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  • Hello, and welcome to FT Markets.

  • The topic today is currency wars.

  • Central banks around the world are trying to stimulate their economies,

  • and to do this, it would be helpful if the currency would lose value, stimulating trade.

  • The problem is, however, not all currencies can fall at once.

  • But Japan has become the latest bank to join the negative rates club.

  • It now costs money to save money in Japan.

  • To think about the consequences for the Yen, we're joined by Jim Reavis of M&G investments.

  • Welcome, Jim.

  • Hello.

  • So I think you've got one great chart here which really can set the scene for us and give us the long-term context about what's happening.

  • Yes, so I mean. If you got back to 1970s you would see a gradual appreciation of the Japanese Yen against the US dollar

  • all the way through really until 2 or 3 years ago when suddenly the US Dollar becomes the global currency of choice.

  • Now, the blue line on this chart is showing you purchasing power parity.

  • Now, what does that mean?

  • Well, it's the old Big Max index that the economists published.

  • Um, it basically shows you if you could buy exactly the same good in one country and export it to another country.

  • Once you've converted the currencies to adjust for that, in which country does the Big Mac look expensive and in which one does it look cheap.

  • And you see for the chart now that, people have this perception of Japan being ferociously expensive economy.

  • Going back to the 1980s boomer, an expensive place to buy stuff and do business.

  • Actually, that's not the case anymore.

  • And if you look at PPP, your Big Mac in Tokyo is very much cheaper than it is in United States or elsewhere in the world.

  • To the extent that it looks as if the Japanese Yen is fundamentally undervalued right now.

  • The bank of Japan although, uh, would like to make that even cheaper.

  • In order just to stay to stimulate its economy and to throw off those speculators

  • who built up quite aggressively long positions in the Japanese Yen over Christmas and as we started in 2016.

  • So are you saying we should buy the Yen right now?

  • Or is the central bank sort of fighting it going to stop this sort of resetting of the currency

  • back towards that sort of fundamental place where it should be?

  • Well, they'd like to keep it cheap.

  • Um, the question is, how much more can I do in this?

  • You know, we talked about the three hours of Japanese policy, *

  • monetary policy, fiscal policy, and then structural reform.

  • I don't think they've got a lot more room to do more things on the monetary front.

  • They've already got negative interest rates, have done lots of lots of quantitative easing.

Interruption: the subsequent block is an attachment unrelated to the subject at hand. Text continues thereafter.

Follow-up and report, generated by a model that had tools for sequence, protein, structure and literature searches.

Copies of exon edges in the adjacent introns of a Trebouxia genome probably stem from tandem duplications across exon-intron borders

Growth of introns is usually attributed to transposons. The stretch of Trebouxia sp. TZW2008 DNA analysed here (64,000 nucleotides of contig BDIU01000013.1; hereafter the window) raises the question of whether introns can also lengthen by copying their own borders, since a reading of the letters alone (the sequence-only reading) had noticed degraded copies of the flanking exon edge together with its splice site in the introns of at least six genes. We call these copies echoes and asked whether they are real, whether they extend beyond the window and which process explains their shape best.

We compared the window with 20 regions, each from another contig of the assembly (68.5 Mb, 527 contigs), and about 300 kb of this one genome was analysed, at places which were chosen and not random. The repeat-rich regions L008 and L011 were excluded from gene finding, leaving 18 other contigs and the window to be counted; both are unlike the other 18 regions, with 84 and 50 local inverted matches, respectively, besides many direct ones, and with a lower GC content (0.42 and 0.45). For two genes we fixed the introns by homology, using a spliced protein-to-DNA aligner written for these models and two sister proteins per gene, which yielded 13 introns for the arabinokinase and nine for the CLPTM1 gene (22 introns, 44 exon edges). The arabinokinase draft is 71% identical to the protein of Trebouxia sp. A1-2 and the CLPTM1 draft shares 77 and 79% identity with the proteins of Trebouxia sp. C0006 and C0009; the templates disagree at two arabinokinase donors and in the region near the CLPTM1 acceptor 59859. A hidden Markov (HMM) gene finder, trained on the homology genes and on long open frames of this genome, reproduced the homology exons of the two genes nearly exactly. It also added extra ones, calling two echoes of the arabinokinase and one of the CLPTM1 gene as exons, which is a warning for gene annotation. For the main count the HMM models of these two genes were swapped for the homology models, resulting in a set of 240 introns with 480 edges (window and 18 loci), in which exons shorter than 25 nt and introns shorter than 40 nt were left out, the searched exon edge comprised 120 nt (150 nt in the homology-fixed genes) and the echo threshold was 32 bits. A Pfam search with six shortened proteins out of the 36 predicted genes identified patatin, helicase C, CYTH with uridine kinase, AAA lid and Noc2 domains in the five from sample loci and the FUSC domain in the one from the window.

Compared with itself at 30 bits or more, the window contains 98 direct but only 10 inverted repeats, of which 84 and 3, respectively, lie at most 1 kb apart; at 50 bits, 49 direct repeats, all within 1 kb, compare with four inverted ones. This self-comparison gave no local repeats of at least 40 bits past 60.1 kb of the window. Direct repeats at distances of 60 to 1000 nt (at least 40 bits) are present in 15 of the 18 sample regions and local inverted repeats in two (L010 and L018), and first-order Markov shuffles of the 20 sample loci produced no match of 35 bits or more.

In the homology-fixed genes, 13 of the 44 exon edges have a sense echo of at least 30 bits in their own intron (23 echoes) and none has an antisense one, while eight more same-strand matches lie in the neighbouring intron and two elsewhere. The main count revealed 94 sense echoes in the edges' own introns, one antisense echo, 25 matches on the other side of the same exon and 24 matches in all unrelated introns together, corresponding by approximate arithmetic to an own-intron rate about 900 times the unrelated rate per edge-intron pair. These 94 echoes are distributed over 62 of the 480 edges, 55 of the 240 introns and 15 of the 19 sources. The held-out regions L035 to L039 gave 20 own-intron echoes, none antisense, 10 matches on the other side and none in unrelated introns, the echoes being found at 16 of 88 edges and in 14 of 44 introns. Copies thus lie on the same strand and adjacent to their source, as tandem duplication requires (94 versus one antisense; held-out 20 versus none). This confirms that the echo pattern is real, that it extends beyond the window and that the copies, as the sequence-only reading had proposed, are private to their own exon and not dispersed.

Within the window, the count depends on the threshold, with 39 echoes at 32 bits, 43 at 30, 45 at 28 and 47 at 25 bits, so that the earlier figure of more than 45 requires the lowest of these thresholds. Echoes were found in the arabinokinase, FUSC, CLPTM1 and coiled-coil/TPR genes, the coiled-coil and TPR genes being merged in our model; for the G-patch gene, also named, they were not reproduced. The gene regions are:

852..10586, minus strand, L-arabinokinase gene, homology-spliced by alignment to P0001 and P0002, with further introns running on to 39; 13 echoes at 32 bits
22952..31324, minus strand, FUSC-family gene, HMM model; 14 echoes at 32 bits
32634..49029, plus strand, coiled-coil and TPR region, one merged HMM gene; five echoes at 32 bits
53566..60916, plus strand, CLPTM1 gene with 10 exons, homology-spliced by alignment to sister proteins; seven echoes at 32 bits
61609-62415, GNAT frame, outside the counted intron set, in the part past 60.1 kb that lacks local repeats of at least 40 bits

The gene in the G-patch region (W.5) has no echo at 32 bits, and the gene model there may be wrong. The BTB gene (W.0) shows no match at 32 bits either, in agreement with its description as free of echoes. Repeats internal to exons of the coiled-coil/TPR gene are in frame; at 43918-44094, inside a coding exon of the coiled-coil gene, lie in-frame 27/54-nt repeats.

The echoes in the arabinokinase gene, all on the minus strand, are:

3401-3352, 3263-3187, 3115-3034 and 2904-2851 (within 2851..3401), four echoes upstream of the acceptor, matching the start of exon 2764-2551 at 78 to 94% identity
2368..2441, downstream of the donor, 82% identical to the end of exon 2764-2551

• Have they really got the ammunition and the will to send Yen even further down?

  • I think the answer is no, for many reasons.

  • But included within that, do they really want to generate much more inflation within Japan?

  • We have elections coming up for the upper house later this year,

  • and Abe really wants to win a big two thirds majority there to change the Constitution.

  • But a lot of his constituents that he'll need to win the election don't even like inflation of even half a percent.

  • So, given we have seen a minus sell off in the end of last week or so

  • and the back of the negative rate,

  • surprise, it probably is the time to be back in the end once more.

  • And I guess the flip slide of that is the dollar,

  • and what about dollar strength

  • not just against the Yen, but against sort of the world's other currencies.

  • Basically, the dollar has been in the currency of choice for the last year.

  • Yeah, and I'm looking back to the history

  • one thing that worried me for being a dollar bull was that once the Feds starts the hike,

  • in the past four right hiking cycles, actually the dollar didn't quite get back in the next six months.

  • I think the thing that is different this time is that the Fed is the only gamer in town, no one else is ready to hike interest rates.

  • On the flip slide if you wanted to put a bit of mitigation on that bullet shot for the dollar,

  • well, the Chinese are selling a lot of dollars at the moment.

  • They liquidated maybe a hundred billion of US treasuries towards the end of last year.

  • They'd like to keep on selling both to support their own currency so the risk is going to be this perpetual dripping of Asian Central bank money out of the dollar,

  • but the fundamentals, the growth story, the interest rates story mean probably the dollars stay strong from here on in.

  • Great, thanks a lot for that Jim.

  • So, as the currency wars continue,

  • what we have is the fight between the fundamentals and the central bankers.

Hello, and welcome to FT Markets.


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